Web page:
The truth is in Christ, but that’s not apparent to everyone. I invite you now to imagine that you are in this story, and that your name is Pontius Pilate. You’ve just met this man, Jesus, whom the crowd has accused of criminal acts. You investigate the man apart from his nation and its priests. You are able to conclude that he poses no direct threat to Roman Rule. But then this man starts talking about a different sort of kingdom, one for which there is no standard of comparison. This man makes the claim that he is a King of this weird, bizarre Kingdom founded not on the exercise of power but upon the power of love, a love is which amazing because it is premised on a kind of mutual laying down of power. Not only that, but this man tells you that he is witnessing and testifying to the truth – THE truth. Pilate’s answer indicates that he knows the tables have been turned, and that he’s been put in the dock by Jesus. Suddenly, the earthly judge is being judged by Truth. His response, “What is truth?” tell us that ultimately Pilate is unable to comprehend the full nature of a kingdom built on a foundation of love instead of raw human power.

Pilate couldn’t understand this different sort of Kingdom? Can we?

I think we can. Why? Because he have the spirit of Truth to help us, and we have the continuing sustenance of the waters of Baptism. The truth of Christ’s Kingdom is proclaimed by the local and international mission work of this church, by its charge to educate both young and old alike about Christian life and ongoing work of the Church in the world. We rehearse life in the Kingdom each week in the drama of our public worship, where the audience is not you or me but the Father, the Father’s whose kingdom has come, will come, and is continually breaking into our “reality” through the bread and wine, the body and the blood, of his most precious Son Jesus. It is to this place that we return to encounter the Lord of Truth.

Now, isn’t this an unlikely way for a kingdom to come and for a King to rule – in a meal of bread and wine, in baptismal water, and in caring for our neighbors? It is. It is a worldview different from the one we’ve been conditioned to by our culture. We are all called, as Jesus was, to bear the Truth into the world. We are all Christ’s ministers, and we are all called to share in Christ’s witness to the truth in the world. Moreover, we are called to witness to the Truth in Love, which means that we mutually lay down our power and engage the other as we engage ourselves. I believe this is what is meant with the Golden Rule. And of course, this image of power in powerlessness seems deeply contradictory. And it would be, if the power we witness to in Christ were simply a contractual arrangement between you and me and between other individuals in our church. But that is not how we’re called to relate to one another. We are a community in a covenantal relationship, which is a structured in a way much more open to the foibles of our human depravity, but also much more open to the potential fullness of human lives built in the image of Christ. We come into these covenantal relationships with trust, but also with forgiveness, because we all know we will, at one time or another, fall short of our true selves, the true selves Christ the King imagines for each of us. We also know that these relationships are not bilateral, because in as a covenant people we are not only obligated to each other but also to The King.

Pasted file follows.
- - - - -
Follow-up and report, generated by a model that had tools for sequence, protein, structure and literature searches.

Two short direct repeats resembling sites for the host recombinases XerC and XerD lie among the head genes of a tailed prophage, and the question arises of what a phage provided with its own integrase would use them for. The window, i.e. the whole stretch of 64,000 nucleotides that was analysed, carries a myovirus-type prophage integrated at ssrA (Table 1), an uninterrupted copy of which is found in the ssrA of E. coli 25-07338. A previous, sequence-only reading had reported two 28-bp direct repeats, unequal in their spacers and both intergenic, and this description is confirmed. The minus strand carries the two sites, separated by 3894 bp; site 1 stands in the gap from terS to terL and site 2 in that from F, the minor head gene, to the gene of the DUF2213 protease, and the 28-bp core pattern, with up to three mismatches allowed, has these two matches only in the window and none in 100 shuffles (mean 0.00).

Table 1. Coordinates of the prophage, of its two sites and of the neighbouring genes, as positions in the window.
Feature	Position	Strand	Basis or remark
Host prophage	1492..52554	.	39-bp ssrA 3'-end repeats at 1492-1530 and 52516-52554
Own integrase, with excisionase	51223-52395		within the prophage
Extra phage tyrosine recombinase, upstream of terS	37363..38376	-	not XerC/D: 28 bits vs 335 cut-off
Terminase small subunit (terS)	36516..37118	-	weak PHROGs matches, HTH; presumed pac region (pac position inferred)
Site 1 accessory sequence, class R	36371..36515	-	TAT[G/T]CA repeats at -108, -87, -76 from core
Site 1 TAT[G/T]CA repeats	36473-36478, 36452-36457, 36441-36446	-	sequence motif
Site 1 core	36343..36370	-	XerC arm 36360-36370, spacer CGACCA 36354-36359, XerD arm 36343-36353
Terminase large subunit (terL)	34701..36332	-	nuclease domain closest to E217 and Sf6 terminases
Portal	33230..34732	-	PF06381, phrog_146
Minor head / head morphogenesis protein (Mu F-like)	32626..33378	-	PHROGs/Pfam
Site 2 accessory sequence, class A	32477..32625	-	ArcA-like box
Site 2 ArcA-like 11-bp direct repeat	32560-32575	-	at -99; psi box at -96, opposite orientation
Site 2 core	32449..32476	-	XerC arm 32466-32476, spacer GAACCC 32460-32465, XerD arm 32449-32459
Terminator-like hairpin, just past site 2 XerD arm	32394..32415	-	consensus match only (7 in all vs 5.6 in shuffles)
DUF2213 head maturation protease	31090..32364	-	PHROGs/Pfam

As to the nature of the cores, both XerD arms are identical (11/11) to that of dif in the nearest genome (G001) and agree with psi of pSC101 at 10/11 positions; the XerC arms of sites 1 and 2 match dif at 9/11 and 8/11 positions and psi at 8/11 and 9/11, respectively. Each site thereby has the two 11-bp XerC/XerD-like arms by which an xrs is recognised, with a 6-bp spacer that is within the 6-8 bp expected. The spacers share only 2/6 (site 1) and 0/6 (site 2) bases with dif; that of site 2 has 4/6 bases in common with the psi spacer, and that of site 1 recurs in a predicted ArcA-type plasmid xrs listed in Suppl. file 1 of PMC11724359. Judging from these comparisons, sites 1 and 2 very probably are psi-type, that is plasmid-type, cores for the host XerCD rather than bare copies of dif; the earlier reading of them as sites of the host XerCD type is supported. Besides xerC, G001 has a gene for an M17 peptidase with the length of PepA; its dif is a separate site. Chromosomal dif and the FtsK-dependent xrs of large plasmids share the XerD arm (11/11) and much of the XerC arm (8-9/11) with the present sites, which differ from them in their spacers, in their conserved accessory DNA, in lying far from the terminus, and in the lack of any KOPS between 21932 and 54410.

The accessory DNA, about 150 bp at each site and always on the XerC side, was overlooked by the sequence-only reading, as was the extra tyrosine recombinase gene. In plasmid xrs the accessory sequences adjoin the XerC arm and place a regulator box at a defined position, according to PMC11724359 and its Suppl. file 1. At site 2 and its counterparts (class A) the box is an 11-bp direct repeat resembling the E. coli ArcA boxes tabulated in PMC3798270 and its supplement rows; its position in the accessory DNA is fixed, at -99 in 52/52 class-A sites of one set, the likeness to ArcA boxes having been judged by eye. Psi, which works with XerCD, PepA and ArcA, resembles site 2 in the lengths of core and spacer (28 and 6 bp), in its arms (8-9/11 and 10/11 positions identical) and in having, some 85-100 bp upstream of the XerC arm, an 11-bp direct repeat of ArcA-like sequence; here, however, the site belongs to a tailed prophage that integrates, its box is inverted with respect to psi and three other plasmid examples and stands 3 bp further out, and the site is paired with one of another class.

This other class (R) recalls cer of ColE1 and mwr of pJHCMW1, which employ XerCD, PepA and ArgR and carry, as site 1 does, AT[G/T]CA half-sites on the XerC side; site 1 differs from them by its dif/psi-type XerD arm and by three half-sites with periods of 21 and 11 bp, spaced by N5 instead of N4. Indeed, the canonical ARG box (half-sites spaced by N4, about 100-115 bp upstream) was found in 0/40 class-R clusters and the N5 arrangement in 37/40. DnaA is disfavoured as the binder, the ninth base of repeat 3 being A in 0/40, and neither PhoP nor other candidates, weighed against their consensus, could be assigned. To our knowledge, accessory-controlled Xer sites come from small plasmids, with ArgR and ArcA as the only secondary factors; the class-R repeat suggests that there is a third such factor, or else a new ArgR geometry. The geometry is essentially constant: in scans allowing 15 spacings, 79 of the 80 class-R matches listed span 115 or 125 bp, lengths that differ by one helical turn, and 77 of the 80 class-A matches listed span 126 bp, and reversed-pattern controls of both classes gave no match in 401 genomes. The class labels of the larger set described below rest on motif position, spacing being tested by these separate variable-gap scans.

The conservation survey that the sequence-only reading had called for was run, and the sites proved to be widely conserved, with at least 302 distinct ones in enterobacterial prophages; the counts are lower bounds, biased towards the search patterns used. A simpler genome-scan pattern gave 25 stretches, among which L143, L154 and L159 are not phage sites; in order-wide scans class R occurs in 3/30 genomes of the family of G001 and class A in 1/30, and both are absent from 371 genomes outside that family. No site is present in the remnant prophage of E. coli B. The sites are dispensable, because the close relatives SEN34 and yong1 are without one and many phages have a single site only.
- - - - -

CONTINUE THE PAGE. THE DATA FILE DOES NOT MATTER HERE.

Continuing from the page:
So this is the story we’ve fallen into. Christ witnessed to the Truth with Pontius Pilate and through the signs and wonders attested to in the Gospel. We, in turn, are called to witness to the truth using our human means. These include the Church and its missions, and the political realities of the world in the place and time in which we are born, and it includes the sacramental way in which we encounter Christ as Body and Blood, as Bread and Wine. We are cast in a story where we are continually invited to the table to dine with the King. As we receive the Cup and the Bread from the King, we are simultaneously empowered to serve each other in love and in truth as the King’s cupbearers and stewards.

Friends, this is the joyful feast of our Lord Jesus Christ, our King.

The people of God will come from the East and from the West, from the North and South, to sit at table in the Kingdom of God. This is the Lord’s Table, and our Savior invites those who trust him to share the feast which he has prepared.